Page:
Archive for the ‘ Emergent Discourses ’ Category

Emergent Discourse: Foursquare, Fostering Virtual/ Real Colonization?

Hi all,

I read Simone S. Oliver’s article “Who Elected Me Mayor on Foursquare? I Did” from the New York Times the other day and totally had an amazing nerd moment that I just have to share… I’m not a huge techy so I didn’t really find out about Foursquare until literally two days ago, but learning about how this program works and its essential purpose- basically allowing ordinary people like you to become the “mayor” of different sites based on the number of times you “check-in” to an area via GPS on your smart phone- was incredibly mind-blowing.

First, I was shocked by how many people were actually interested in participating in Foursquare (even to the extent of obsession where it becomes increasingly competitive to maintain hold of your mayorship). Then, I thought “wow”- Foursquare essentially grants normal, everyday people the power to claim a title of distinction (i.e. mayor) and to “own” not only a virtual, but a tangible physical site (i.e. your office building, a coffee shop, and even an alleyway). Honestly, I thought it was crazy at first, but it does make sense- we are all craving to possess something (going back as far as the American Dream). Especially with today’s economy some people might not be able to feel the thrill of ownership with anything other than Foursquare. Technology has enabled us to become virtual colonizers… and not even just virtual because we are colonizing actual physical spaces that can be located via GPS. Is that cool or creepy? With the stigma associated with colonizers, do we really want to think of ourselves as such? (This seems to be where the title of “Mayor” kicks in. But then again, while connoting democratic election, it doesn’t actually mean that, as the article title suggests: “Who Elected Me Mayor of Foursquare? I Did.”

Yet, the nerd attack continues… Oliver also makes it a point to emphasize how Foursquare has drawn couples together and created unlikely unions out of competition for virtual/real spaces and after reading about these success stories, I’m beginning to think that I would like to meet someone through Foursquare as well (Unfortunately, I really can’t afford a smart phone on a grad student stipend). However, I do think that it is fascinating how technology is providing new ways for people to find romance, bridging the virtual space of the internet with the “real” world… and I’m sure that is why Foursquare and other online dating sites have become so popular, because honestly, aren’t all of us looking for love?

Well, I think that I should probably stop writing now before I start taking quotes from the article and this short post becomes a two-page article. But hopefully what I’ve written here will start some interesting discussions, especially for you, Sharon, because I know that your current research has to do with technology 😀

Emergent Discourse: Is Love Capitalistic?

Hi all,

So I just finished reading Gish Jen’s Mona in the Promised Land, which was an incredibly funny and all-around great book. Jen touches on really interesting themes such as the constructed nature of identity and what it means to be “American” but one (odd) point that stuck with me was her commentary on love. Not to give away too many spoilers, Mona and her friend Barbara end up falling for a boy named Seth who (initially) adheres to a code of “free love.” He does not believe in boyfriend girlfriend labels or that relationships should be exclusive. In the novel both Mona and Barbara express considerable discomfort and anxiety about this hippie-esque philosophy and yearn for the ability to call Seth their boyfriend. So this really led me to ponder about the implications of love. If we want an exclusive relationship isn’t that similar to claiming our significant other as private property and demanding sole possession of at least sexual, romantic relations to that person? I am definitely not belittling or condemning this form of love (because I would certainly want an exclusive relationship) but doesn’t this make love capitalistic? Also, what would be the alternative? Is free love then a form of “communism”? This was just a random epiphany so I’m really interested in hearing what other people have to say about love? Does reexamining love in the context of capitalism make anyone feel a little uncomfortable?- I know I was a little weirded out by that revelation…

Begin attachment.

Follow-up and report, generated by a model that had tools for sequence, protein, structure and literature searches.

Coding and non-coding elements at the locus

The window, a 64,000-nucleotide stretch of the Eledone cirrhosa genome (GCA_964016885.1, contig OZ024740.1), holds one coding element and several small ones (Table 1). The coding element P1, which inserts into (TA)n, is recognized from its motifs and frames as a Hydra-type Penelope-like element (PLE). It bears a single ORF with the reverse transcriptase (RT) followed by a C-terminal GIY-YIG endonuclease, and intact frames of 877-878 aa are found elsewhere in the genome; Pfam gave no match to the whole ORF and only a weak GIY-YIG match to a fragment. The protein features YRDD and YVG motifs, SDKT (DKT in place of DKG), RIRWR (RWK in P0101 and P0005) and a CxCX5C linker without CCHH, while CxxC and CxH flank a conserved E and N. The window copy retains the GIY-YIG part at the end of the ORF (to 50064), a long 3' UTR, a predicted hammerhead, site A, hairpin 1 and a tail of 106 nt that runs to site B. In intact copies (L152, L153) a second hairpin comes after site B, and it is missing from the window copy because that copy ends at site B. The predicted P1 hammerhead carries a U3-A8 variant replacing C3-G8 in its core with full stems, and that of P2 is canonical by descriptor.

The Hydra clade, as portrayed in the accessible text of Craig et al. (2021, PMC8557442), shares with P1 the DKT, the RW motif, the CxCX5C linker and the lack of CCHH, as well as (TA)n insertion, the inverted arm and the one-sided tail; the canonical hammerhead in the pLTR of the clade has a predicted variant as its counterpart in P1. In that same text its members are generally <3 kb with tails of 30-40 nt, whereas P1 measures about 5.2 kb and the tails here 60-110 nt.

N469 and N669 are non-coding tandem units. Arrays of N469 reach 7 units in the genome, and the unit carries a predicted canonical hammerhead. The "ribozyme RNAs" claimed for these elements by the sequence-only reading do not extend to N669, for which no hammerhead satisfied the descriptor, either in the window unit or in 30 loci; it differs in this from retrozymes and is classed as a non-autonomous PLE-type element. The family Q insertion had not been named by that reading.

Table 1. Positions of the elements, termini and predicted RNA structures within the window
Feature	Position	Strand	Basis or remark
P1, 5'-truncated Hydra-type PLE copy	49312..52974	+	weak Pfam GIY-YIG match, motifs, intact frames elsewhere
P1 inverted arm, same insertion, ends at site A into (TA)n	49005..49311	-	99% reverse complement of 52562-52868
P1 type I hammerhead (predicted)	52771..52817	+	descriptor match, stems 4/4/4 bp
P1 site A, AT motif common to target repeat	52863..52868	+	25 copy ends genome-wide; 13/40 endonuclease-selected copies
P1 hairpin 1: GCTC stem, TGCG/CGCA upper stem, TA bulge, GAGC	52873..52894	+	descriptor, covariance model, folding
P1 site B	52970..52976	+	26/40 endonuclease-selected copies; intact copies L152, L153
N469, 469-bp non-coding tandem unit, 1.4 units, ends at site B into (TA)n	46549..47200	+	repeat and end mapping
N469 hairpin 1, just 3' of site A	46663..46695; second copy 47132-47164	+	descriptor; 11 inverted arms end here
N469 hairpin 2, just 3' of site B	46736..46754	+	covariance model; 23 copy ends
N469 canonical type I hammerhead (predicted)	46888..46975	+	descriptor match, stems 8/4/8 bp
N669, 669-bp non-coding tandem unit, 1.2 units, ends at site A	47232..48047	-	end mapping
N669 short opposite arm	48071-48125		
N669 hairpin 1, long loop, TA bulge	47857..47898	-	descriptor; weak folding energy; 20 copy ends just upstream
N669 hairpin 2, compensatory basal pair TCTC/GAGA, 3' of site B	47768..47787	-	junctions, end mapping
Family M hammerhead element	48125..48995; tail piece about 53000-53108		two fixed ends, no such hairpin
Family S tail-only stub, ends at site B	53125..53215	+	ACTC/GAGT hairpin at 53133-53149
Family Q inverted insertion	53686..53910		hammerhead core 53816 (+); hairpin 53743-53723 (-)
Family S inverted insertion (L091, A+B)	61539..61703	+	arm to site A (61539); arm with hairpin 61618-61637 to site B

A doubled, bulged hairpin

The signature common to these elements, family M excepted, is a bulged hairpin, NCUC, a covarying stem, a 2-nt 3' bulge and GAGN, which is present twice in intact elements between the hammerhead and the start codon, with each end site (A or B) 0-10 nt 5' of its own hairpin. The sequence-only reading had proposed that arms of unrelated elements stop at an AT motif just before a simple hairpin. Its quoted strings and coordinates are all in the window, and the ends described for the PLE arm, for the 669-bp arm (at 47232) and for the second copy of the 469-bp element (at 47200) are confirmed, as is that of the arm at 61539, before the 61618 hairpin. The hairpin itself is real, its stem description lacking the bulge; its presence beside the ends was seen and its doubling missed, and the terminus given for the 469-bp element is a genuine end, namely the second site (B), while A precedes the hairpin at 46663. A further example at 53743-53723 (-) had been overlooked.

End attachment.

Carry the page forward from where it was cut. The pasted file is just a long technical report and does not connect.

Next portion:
Emergent Discourse: Obama and the Stigma of “Otherness”

Hi all,

Progress... or Regress?

I just read Sherl Gay Stolberg’s article, “In Defining Obama, Misperceptions Stick,” from the New York Times and thought I would share it with everyone. Stolberg discusses the continuing stigma of “otherness” that clings to the President’s image as people continue to question his citizenship status and religious affiliations. Although I have always known that this questioning was occurring in the background (because how could it not?) reading this article was still shocking… I felt not so much angry as disappointed because once again it feels like we are taking two steps back. As a minority figure in a position of power, Obama must continue to justify himself and reaffirm his Americanness- something that I strongly believe would not happen if any other “white” figure was in his place.

Anyway, my rant has gone on long enough, but feel free to share your ideas and continue the discussion 🙂